Earnings

Tesla earnings: Tech manufacturing’s big test

Tesla earnings: Tech manufacturing’s big test
  • Q1 revenue: $5.99 billion (+32% YoY, -19% QoQ vs. $5.8 billion expected)
  • Q1 earnings: $1.24 per share (-42% QoQ vs. -$0.28 per share expected)
  • Full-year guidance: Revenue and profit guidance are "on hold" due to manufacturing uncertainty, Tesla said. For now, the unexpected first-quarter profit marks the first time ever that the company has posted three consecutive quarters in the black.

The big number: Tesla still thinks it can deliver 500,000 new cars this year after reporting 88,496 deliveries in Q1, down from the previous quarter, where it delivered 112,095, but still well above production levels a year prior. Investors were happy with the news, with shares up almost 9% after hours.

People are talking: "Our new products get ramped faster and become profitable sooner," CEO Elon Musk told investors on a Wednesday earnings call. Still, the company warned that "for U.S. factories, it remains uncertain how quickly we and our suppliers will be able to ramp production after resuming operations."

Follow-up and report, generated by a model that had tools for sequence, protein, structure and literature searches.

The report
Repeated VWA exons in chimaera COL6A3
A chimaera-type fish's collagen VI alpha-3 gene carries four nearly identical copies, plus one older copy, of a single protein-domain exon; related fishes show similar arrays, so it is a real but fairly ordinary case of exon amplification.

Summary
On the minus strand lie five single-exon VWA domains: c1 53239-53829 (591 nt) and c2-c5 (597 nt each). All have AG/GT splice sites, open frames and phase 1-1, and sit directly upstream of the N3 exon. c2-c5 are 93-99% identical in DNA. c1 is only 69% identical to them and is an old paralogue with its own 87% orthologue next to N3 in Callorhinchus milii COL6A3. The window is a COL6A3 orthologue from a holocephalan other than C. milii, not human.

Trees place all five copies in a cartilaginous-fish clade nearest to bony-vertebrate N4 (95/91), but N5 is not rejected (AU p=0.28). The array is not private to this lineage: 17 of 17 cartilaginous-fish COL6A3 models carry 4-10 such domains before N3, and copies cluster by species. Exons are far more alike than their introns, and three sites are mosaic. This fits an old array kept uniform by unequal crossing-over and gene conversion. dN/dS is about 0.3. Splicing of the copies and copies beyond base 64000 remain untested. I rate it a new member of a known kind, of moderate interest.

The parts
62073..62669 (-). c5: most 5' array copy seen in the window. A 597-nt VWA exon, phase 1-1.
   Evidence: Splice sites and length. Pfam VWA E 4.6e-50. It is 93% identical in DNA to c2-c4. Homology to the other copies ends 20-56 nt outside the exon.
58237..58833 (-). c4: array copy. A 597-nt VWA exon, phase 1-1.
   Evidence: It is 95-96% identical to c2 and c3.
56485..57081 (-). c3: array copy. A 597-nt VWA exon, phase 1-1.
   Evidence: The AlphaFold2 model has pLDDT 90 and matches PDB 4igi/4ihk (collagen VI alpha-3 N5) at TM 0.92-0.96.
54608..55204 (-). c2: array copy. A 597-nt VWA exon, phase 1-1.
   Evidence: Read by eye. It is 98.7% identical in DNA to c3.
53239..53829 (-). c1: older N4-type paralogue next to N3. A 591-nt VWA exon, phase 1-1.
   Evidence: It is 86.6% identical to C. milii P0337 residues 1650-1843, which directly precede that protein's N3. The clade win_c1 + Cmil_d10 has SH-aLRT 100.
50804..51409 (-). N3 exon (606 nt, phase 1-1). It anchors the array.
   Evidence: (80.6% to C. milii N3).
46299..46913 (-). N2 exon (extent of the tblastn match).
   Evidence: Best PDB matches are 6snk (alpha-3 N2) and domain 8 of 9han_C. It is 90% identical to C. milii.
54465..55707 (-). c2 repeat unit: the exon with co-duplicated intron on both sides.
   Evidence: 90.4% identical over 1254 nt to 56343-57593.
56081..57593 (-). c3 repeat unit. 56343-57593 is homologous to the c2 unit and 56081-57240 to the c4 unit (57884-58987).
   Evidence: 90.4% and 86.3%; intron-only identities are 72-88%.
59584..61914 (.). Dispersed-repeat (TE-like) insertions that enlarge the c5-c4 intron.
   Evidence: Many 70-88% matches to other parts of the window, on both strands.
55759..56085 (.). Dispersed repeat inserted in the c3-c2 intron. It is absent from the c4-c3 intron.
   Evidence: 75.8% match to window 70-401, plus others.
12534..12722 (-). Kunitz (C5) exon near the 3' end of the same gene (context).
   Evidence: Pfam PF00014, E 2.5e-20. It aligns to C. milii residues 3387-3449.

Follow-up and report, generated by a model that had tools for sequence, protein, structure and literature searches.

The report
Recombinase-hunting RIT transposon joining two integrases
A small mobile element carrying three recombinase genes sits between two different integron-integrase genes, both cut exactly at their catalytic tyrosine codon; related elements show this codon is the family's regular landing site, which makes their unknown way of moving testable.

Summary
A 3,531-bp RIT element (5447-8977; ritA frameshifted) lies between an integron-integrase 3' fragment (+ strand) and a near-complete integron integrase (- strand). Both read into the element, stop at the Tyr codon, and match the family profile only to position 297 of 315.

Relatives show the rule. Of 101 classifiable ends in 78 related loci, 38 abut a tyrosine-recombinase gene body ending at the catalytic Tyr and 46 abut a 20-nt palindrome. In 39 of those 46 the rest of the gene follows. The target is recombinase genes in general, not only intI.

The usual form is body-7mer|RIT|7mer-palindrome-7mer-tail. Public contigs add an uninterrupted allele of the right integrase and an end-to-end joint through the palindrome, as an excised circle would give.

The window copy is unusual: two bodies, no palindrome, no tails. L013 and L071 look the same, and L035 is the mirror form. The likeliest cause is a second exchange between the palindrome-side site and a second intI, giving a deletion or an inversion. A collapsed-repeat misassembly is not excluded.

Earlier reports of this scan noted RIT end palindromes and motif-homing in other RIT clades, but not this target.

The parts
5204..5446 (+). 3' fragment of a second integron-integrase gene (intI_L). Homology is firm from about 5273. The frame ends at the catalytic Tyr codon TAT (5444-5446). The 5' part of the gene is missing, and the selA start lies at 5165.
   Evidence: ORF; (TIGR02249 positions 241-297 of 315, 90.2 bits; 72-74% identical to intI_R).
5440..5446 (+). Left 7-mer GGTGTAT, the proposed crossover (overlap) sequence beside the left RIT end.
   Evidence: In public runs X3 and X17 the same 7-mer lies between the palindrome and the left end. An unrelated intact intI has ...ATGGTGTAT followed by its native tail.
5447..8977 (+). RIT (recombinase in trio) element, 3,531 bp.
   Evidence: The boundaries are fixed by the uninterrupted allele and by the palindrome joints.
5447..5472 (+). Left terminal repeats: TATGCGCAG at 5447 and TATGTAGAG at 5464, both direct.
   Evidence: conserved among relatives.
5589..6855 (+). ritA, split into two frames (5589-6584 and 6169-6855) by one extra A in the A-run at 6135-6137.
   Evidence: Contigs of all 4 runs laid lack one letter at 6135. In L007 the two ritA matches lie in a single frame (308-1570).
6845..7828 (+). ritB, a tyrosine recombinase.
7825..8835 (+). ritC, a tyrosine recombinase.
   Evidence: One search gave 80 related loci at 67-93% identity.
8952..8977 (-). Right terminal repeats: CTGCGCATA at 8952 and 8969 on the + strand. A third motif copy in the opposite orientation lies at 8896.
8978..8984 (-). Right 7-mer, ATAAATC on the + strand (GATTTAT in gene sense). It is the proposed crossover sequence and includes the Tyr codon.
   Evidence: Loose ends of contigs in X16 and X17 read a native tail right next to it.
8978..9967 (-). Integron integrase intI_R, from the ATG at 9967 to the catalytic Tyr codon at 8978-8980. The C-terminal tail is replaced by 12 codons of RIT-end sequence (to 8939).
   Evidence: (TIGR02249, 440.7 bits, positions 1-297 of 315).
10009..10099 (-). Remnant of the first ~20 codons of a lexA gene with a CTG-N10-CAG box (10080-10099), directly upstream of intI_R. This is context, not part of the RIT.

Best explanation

Opportunities: The Model Y sedan's early 2020 rollout was the biggest bright spot in the company's earnings. "We are ahead of the schedule that we were ahead of already," Musk said. "Model Y was profitable already in its first quarter of production, something we haven't achieved with any product in the past." And despite previous high-profile crashes involving the company's autopilot features, Musk told investors that Tesla's self-driving tech is poised to eclipse competitors by "orders of magnitude," akin to Google's dominance in search engines. As ecommerce takes over the quarantined world, Musk also floated an Amazon-inspired vision for how his company might disrupt auto sales: "If you really went fast, I think you could order a car in probably 90 seconds," he said.

Threats: Uncertainty at Tesla hinges on how fast and how smoothly the automaker can get factories up and running as governments lift coronavirus lockdowns. It's an area of regulatory friction and employee anxiety that Tesla already grappled with after the delayed closing of its Silicon Valley manufacturing hub in mid-March. This month, Tesla furloughed nonessential factory workers and temporarily cut pay for all personnel but said it planned to be back up and running by May 4. This week, Bay Area governments extended shelter-in-place orders through the end of May. It is so far unclear how some special exceptions for manufacturers could apply to Tesla.